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La Cucina Abruzzese

The Regione Abruzzo has a reputation of being something of a wild land. Not entirely undeserved; inland it is mostly rugged mountains and valleys, and until not too long ago the primary economic activity was shepherding. It was even more important in the past, when shepherds would transfer their flocks from winter pastures in the lowlands further south to summer pastures in the Abruzzesi mountains -- a twice-yearly migration of millions of animals over trails as wide as modern highways. This transfer quite obviously helped the shepherds keep their flocks alive (further south pastures dry out in the summer). It also served to cement ties between the Abruzzo region, which was the farthest-flung and most isolated province of the Kingdom of the Two Sicilies, and the remainder of the country.

Indeed, it's likely no accident that the transumanza, as the migration was called, began to decline following the unification of Italy. In 1864 a law was passed that recognized the rights of the farmers whose lands were crossed (one might expect that many began to keep the sheep out to prevent their destroying the fields, or to charge tolls), and in 1908 Parliament reduced the number of migration routes to four.

With the decline of the transumanza the Abruzzo region became more isolated than it had been previously, an isolation that has only been broken since the War, in part though the construction of highways, and in part through the development of tourism -- summer mountaineering and winter skiing inland, and swimming, sunning and boating along the Adriatic coast, which is quite beautiful. People also come to enjoy the foods -- lamb and mutton, pecorino and goat's milk cheese, olive oil, wines, saffron (which has always been grown for use in medicines and dyes, but is now being used in the kitchens too), and hot peppers, locally known by a variety of names including diavolicchio (the little devil). Farro, the grain that fed the Roman legions, is also making a comeback. The cuisine? Like most peasant cuisines it's simple, but quite wholesome, especially in more modern interpretations that allow the use of some meat or oil (back in the peasant days there would have been little of either, nor much cheese for those who weren't well off). After lamb and mutton, pork was the meat of choice inland, with many people raising animals in a semi-wild state, allowing them to forage what they could find in the forests and butchering them in the fall. Along the coast, as one might expect, fish also plays a major part in the diet.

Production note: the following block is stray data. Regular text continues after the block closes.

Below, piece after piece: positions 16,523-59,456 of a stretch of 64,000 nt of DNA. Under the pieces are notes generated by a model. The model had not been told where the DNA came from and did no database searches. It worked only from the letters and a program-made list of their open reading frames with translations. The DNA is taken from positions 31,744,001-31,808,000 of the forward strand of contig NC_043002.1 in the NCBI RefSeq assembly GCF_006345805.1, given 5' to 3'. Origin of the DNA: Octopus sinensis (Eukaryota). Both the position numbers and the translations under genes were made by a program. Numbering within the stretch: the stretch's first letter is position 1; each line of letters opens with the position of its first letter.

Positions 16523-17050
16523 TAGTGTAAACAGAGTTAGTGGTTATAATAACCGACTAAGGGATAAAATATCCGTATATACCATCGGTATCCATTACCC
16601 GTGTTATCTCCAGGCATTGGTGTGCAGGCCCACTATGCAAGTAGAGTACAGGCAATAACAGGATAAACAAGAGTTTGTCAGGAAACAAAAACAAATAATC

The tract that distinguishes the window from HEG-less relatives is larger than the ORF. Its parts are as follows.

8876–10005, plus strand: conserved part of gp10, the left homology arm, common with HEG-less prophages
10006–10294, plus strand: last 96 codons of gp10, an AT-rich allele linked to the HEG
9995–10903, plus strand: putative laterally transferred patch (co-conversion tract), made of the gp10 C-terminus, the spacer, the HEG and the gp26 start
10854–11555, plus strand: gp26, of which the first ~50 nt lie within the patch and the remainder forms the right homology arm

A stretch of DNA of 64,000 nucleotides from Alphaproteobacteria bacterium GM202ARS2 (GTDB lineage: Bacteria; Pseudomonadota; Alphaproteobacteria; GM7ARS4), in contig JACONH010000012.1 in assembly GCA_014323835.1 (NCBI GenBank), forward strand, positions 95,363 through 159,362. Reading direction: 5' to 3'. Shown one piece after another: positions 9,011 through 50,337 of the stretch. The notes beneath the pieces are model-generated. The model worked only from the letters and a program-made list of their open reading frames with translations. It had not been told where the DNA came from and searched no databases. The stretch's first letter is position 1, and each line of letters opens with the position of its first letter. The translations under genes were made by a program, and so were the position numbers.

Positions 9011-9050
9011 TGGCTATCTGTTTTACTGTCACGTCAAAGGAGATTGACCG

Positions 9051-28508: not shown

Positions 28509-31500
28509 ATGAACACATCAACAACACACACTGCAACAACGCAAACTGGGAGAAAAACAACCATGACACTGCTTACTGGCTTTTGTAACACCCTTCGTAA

Enough talk! Food!

FINALLY, A FEW THINGS OFF THE NET:

FOOD

Mangia Mangia in the Mountains
Corby Cummer's recollections of visiting the Abruzzo region, and several recipes too. As always well written & fun.

Panarda:
Rosemary Torigian's recollections of a wonderful feast on a wild and stormy night in Abruzzo.

TRAVEL

Abruzzo 2000
A neat site for expatriate Abruzzesi throughout the world, with lots of information on what's going on in the old country, tourist info, slide shows, genealogy, and much more.

Castelli Abruzzesi
There's lots to see!

Parco Nazionale d'Abruzzo
One of Italy's most savage parks, with information on getting there and accommodations too.

Le Grotte Stiffe
Discover an underground river, complete with falls and cataracts, in Abruzzo.

Pescara & Chieti
For when you've had enough of exploring nature in Abruzzo. Includes hotel info too.

Il Parco Nazionale della Maiella
Another spectacular national park, with lodging suggestions and lots of other advice.

Got more sites / recipes to suggest? Let me know!

Buon Appetito!
Kyle Phillips

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